China plans to take "necessary countermeasures" in response to the US' decision to increase tariffs to 25 percent on $200 billion in Chinese goods, a decision China's Commerce Ministry said it "deeply regrets".
Trump on Thursday took aim at the $325 billion in Chinese goods that are so far untouched by the trade war, saying he was "starting. paperwork today" to tax those with a punitive tariff of 25 percent.
President Donald Trump's latest tariff hikes on Chinese goods took effect Friday.
According to US government and private sector sources, China was already planning on backtracking on some important commitments it had previously made to the USA government before arriving for the new trade negotiations with the USA government.
Talks are scheduled to resume Friday morning, the White House said.
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Based on US Census Bureau trade data for a year ago, China would only have about US$10 billion in US imports left to levy in retaliation for any future US tariffs, including crude oil and large aircraft. Only when those shipments complete the three- to four-week voyage across the Pacific to the US would they face the 25% tariff.
Later in the day, the Chinese Vice Premier held meetings with the US Trade Representatives Robert Lighthizer. "Just in the last three days of trading, we've seen the price reduction that equates to about a $50,000 loss for us", he added.
Ratcheting up tension ahead of talks in Washington, China vowed to defend its own interests and retaliate if Trump goes ahead with more tariff hikes. The White House statement said they also had a working dinner with Liu, who is leading the Chinese side.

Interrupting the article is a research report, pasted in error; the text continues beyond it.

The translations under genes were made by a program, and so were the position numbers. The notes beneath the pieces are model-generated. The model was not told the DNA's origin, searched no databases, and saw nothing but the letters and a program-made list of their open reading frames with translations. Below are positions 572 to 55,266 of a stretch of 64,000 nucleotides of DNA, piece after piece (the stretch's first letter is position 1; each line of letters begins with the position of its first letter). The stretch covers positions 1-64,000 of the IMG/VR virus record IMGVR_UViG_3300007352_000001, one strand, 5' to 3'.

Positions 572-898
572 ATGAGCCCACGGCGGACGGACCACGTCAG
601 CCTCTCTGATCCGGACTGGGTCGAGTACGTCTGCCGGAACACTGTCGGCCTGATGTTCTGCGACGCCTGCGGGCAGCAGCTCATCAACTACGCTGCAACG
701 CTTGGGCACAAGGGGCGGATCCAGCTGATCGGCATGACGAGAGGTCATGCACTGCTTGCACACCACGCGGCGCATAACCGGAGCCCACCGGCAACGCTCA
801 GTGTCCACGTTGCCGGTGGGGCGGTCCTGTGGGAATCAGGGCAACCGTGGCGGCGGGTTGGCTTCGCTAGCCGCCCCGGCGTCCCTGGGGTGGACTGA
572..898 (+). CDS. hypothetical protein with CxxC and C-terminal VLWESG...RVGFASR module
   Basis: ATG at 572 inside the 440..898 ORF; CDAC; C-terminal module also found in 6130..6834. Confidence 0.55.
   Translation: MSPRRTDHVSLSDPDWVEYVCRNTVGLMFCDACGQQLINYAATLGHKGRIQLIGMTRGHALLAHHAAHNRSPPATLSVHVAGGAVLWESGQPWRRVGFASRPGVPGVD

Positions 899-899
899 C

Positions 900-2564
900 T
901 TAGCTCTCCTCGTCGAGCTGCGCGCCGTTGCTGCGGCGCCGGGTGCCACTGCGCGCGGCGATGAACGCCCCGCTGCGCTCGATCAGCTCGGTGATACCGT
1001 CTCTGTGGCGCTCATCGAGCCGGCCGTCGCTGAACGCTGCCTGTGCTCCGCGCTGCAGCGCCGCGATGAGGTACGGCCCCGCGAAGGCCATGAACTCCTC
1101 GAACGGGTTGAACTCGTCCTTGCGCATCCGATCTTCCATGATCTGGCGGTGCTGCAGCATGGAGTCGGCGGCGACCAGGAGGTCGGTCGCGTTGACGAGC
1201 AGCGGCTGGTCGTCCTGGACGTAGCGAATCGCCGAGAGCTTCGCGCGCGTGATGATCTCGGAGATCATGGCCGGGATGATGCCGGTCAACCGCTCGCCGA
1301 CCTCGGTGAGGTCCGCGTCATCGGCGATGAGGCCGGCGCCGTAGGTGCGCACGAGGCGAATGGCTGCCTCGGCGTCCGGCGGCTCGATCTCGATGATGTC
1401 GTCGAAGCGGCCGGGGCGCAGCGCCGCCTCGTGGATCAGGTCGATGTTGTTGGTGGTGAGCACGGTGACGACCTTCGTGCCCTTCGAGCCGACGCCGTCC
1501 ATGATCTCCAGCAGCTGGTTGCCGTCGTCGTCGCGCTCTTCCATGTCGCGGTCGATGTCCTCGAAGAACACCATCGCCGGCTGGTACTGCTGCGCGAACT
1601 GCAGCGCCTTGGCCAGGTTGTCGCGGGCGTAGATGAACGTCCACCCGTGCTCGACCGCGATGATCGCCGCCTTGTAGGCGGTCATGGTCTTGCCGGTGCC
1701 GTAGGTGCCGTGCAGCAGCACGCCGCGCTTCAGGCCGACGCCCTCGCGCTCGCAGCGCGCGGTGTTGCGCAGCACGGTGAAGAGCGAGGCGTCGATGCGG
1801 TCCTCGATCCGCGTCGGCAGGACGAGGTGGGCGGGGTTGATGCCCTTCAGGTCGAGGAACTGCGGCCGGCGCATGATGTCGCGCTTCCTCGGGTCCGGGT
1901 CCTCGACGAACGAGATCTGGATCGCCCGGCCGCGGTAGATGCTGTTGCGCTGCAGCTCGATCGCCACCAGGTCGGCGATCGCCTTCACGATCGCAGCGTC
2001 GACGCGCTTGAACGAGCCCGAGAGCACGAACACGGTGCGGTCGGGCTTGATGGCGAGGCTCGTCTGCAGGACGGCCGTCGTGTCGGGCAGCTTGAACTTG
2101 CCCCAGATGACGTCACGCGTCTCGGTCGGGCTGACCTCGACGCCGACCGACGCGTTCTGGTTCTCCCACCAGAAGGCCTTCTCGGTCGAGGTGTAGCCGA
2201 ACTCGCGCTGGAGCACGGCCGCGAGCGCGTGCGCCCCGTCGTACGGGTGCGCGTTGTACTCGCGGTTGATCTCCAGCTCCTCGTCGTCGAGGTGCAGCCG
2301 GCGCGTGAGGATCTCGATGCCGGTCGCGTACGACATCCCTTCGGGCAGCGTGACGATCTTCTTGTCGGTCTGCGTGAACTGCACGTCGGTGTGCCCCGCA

On Thursday, Mr. Trump said he received a "beautiful letter" from Chinese President Xi Jinping, but again criticized Beijing officials for attempting to "renegotiate" a tentative agreement. "I can't think of any structure in law or diplomacy that can enforce that", said James McGregor, chairman for Greater China at the government relations firm APCO Worldwide.
"The Chinese side deeply regrets that if the United States tariff measures are implemented, China will have to take necessary countermeasures".
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Perhaps alluding to the United States' criticisms of China's intellectual property theft and ongoing negotiations that have sought to pin down an enforcement mechanism to ensure the Chinese regime curbs such theft, the editorial chastised the administration for "suppressing China's science and technology innovation".
If tariff hikes go ahead, "risks of a financial market collapse, extreme risk aversion, and sharp slowdown in global growth will spike", said Philip Wee of DBS Group in a report. But regulators are running out of U.S. goods for penalties due to their lopsided trade balance.
"What the market fears deep down is an all-out trade war with no hope for resolution", said Tim Ghriskey, chief investment strategist at Inverness Counsel in NY.
The Standard & Poor's 500 index retreated 1.4 percent and the Nasdaq Composite was 1.8 percent in the red in midmorning trading.
Chinese policy makers could devalue the yuan to offset the impact of US duties on China's economy. "There is the potential for a 15%-plus correction in Chinese and emerging market (EM) stocks, and around 5-7% falls in global equities, in our opinion", said analysts at Lombard Odier Investment Managers in a note.
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Trump's levies on shipments from China have so far barely been a blip for the US economy, trimming growth by an estimated tenth of a percentage point for all of 2019, according to Oxford Economics. Tokyo's Nikkei 225 lost 0.9%.